The reason was simple.

Pancho Villa was a Mexican national hero.

The Americans were gringos.

From March 14, of 1916 to February 7, of 1917, the American army chased the ghost of Pancho Villa across Northern Mexico. Everywhere the Americans went, Pancho Villa was somewhere else. So said the Mexican peasants. So the Americans went from pillar to post while Pancho Villa laughed and laughed and entertained every American journalist who wanted to ride with him. The best included John Reed. At the end of the day, American troops came home empty-handed.

Then things got worse for the Americans.

Quite a few had gone to Mexico as expatriates. Some were Mormons who wanted to continue the practice of polygamy, others were interested in good land deals. Mexico was an inexpensive place to live, a lot warmer during the winter than Philadelphia or Boston and had millions of acres of open rangeland for cattle. It also had hundreds of miles of sparkling beaches, cheap tequila, friendly people and some of the most exotic food on the planet.

It was paradise.

Until February 5, 1917, two days before Blackjack Pershing threw in the towel. That was the date that the Political Constitution of the United Mexican States was approved by the Constitutional Congress.

And on that day Americans lost their land in Mexico. There was no compensation. They were just told to leave. No kiss goodbye, no waving flags. Just an adios from the Mexican government in Mexico City. So hundreds of Americans did and not a single one of them was happy.

When it rains it pours.

Then the Japanese got involved.

America officially entered the Great War on April 6, 1917. We had been careering toward war for well over two years but it only became official on April 6. Which was a little more than 60 days after Blackjack Pershing left Mexico. And was probably the reason Blackjack left Mexico.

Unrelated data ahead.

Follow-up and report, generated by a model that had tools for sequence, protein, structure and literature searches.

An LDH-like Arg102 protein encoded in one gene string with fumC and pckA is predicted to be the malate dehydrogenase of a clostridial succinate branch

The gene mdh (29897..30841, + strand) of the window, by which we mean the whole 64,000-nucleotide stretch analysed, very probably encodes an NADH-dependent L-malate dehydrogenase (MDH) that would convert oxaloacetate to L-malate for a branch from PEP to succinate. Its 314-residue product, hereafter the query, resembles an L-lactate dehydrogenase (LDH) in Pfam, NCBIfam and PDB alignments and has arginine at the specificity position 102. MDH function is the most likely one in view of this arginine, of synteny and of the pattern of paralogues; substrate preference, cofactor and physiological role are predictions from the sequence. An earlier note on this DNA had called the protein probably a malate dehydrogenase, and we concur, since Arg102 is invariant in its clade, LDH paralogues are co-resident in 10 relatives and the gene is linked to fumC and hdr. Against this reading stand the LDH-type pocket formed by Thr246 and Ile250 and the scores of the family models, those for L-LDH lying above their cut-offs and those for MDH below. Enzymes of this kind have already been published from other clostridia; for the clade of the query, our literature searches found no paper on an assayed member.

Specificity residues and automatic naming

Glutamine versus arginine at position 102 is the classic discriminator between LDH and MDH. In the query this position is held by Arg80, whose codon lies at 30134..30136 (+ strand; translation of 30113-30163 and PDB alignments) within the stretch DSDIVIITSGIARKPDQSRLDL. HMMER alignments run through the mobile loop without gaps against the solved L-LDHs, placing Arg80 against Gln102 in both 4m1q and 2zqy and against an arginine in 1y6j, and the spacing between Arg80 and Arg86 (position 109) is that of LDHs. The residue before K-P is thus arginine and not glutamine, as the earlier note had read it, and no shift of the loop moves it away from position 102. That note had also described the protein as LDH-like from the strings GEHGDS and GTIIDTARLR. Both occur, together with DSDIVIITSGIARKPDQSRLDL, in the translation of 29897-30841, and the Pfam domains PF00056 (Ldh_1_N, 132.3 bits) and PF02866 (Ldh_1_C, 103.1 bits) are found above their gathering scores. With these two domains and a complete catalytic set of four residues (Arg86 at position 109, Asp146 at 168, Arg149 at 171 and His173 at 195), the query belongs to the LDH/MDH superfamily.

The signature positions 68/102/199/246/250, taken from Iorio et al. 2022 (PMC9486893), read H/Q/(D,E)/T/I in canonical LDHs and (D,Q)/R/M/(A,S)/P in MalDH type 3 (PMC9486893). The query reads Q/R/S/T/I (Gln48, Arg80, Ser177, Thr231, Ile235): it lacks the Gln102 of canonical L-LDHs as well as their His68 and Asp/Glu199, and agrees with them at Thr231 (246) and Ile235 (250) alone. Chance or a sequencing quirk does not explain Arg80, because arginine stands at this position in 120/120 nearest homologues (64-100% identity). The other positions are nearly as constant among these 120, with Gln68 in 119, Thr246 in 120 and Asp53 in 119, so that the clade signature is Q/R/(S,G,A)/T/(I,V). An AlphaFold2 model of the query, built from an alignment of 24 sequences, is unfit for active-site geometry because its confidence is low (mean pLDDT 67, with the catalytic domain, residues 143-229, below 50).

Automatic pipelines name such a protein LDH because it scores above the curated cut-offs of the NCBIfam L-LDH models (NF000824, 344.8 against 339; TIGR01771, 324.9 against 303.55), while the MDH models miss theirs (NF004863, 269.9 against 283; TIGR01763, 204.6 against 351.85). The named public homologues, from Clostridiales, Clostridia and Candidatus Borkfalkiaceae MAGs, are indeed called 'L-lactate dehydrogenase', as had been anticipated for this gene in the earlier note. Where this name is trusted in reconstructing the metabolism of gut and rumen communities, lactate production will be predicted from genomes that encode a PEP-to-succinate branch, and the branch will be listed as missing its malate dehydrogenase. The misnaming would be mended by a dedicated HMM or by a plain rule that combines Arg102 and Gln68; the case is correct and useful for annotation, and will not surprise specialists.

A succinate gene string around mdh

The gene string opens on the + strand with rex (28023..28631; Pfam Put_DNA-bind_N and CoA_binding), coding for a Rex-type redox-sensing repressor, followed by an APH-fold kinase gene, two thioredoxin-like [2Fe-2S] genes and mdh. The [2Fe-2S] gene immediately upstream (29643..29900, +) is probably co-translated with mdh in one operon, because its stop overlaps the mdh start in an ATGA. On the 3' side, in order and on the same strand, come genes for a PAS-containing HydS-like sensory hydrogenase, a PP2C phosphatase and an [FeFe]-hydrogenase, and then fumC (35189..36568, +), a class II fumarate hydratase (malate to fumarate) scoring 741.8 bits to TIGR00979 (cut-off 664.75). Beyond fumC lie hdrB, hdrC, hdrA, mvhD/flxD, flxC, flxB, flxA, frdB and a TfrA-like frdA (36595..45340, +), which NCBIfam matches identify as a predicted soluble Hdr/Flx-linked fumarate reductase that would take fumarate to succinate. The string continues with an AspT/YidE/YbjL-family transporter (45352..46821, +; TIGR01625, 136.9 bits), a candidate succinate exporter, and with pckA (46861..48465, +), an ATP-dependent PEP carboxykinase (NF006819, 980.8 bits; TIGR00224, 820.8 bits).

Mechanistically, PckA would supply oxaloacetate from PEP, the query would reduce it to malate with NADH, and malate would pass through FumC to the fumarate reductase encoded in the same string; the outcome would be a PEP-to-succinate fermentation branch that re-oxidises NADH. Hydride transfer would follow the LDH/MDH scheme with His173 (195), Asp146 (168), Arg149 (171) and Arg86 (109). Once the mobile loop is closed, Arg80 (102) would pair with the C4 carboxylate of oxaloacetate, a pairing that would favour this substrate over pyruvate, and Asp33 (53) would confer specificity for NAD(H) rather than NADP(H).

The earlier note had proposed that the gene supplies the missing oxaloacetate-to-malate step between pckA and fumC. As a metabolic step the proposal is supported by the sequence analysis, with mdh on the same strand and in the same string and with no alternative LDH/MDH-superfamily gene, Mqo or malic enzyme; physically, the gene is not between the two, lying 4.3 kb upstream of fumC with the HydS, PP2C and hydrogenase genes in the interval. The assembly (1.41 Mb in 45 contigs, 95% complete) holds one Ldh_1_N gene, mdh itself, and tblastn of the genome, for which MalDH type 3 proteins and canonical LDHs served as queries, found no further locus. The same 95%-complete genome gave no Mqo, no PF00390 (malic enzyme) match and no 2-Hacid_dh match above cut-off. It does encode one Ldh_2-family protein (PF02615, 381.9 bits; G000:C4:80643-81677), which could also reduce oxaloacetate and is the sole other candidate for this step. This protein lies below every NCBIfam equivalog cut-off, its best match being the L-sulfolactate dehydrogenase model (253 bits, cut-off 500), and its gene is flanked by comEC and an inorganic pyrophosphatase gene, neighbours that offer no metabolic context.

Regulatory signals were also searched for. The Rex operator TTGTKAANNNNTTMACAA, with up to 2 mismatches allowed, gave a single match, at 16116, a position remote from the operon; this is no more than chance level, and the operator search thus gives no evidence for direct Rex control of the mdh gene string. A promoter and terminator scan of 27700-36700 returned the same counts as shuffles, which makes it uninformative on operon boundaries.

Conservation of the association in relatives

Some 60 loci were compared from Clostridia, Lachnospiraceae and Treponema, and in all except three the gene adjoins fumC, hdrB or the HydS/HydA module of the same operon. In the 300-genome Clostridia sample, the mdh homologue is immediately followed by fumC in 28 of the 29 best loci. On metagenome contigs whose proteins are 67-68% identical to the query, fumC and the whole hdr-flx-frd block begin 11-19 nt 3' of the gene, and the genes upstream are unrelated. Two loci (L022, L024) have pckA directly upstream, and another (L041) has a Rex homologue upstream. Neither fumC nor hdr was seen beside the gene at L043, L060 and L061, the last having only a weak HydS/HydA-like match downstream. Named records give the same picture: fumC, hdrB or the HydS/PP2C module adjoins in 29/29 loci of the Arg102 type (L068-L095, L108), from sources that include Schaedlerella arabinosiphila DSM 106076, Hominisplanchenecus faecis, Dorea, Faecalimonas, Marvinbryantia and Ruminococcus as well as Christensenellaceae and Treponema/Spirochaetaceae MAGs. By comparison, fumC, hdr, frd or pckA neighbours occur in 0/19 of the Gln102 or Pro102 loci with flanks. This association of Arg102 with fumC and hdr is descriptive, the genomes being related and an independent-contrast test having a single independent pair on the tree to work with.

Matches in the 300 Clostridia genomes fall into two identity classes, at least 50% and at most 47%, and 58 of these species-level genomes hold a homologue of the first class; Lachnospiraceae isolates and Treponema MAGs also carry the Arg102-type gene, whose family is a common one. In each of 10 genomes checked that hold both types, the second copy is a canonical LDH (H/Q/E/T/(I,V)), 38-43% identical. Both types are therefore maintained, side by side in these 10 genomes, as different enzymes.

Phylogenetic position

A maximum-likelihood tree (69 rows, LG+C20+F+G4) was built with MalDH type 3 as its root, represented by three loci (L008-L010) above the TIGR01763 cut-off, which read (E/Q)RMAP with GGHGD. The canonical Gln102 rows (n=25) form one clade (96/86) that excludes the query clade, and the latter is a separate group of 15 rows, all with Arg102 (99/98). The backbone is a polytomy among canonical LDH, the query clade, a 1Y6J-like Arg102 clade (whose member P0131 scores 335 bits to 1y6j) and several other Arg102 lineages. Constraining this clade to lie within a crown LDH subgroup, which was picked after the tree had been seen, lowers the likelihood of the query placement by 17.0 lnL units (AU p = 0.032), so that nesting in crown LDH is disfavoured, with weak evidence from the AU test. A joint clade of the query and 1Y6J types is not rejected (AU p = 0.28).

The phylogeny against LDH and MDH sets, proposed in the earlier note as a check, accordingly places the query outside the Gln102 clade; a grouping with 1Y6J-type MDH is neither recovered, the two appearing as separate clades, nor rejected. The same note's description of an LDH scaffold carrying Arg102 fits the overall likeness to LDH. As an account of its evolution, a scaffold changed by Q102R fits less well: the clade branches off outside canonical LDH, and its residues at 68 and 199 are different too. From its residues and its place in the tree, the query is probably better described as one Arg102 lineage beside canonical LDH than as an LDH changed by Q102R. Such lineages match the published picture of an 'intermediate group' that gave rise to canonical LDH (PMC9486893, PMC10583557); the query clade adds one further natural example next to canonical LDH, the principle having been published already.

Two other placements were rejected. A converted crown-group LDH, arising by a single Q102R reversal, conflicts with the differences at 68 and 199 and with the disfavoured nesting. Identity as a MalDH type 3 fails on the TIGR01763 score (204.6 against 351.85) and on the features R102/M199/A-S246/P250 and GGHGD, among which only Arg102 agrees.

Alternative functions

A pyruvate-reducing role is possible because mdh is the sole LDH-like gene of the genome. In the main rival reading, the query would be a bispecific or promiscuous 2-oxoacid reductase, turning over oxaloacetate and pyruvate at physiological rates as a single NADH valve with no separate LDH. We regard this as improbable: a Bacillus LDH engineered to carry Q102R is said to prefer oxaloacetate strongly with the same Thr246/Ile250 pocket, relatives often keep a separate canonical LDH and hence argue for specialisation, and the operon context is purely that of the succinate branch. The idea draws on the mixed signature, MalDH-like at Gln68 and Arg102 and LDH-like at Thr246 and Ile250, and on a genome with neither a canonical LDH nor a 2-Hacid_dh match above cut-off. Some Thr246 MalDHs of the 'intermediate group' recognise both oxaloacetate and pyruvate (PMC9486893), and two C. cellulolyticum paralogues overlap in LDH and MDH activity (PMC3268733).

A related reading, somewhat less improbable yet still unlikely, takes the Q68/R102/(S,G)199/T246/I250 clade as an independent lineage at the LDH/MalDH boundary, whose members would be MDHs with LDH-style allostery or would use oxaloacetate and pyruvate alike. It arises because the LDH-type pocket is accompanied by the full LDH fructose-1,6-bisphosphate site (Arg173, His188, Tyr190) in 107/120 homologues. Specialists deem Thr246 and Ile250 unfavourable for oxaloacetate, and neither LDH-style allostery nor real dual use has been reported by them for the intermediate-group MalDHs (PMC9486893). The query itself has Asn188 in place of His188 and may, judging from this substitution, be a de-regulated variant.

It was also little over 60 days after British Intelligence intercepted and decoded what became known as the Zimmerman Telegram. On January 16, 1917, the Foreign Secretary of the German Empire sent a telegram to the German Ambassador in Mexico City ordering him to approach the Mexican government to suggest a military alliance with Germany that would include Japan. Should America go to war with Mexico, Germany wanted Mexico to invade the American Southwest. Mexico was promised Texas, New Mexico and Arizona in the anticipated German victory over the United States and its allies in Europe.

Suffice it to say that the Mexicans and Japanese did not have a lot of friends in the United States. The Zimmerman Telegram did not help matters.

But by 1917 the Yazzi family was in Santa Zanni. They had learned the hard lesson in Oxnard. The writing on the wall was in both Spanish and Japanese: the land of opportunity was not in sugar beets. So they went with Plan B. There was a new railroad being constructed and maybe, just maybe, there were opportunities up the rail line – IF, and it was a big IF, you got wherever you wanted to be before the railroad got there. The family took one look at the map – and it was a family decision – and they decided on Santa Zanni for three reasons. First, it was small. Second, it was not San Francisco and, third, it was not Salinas. It was comfortably between two established cities. That made it perfect for what they planned: services that were needed but were eye-winkingly legal.

In their planning the Yazzi family was perfect. They ended up in the right place at the right time with the right service for the right people. They settled on the proverbial other side of the tracks and kept their establishment safe and clean. They had an understanding with the police force, all one of them in 1910 and up to six by 1916. They only provided what a customer wanted that was within the realm of acceptability for the town: women, gambling and liquor. The women were not white, the gambling was penny ante compared to the houses across the tracks and the blind pig served a low-quality brew. Thus they were not in competition to the higher-class brothel, gambling den and blind pig on the far side of the tracks. All establishments had their select customers, the police chief was blissful in his ignorance because the working men were getting what they wanted and the good girls were being left alone and everyone was spending money in-town. It was a wonderful world in Santa Zanni in 1916.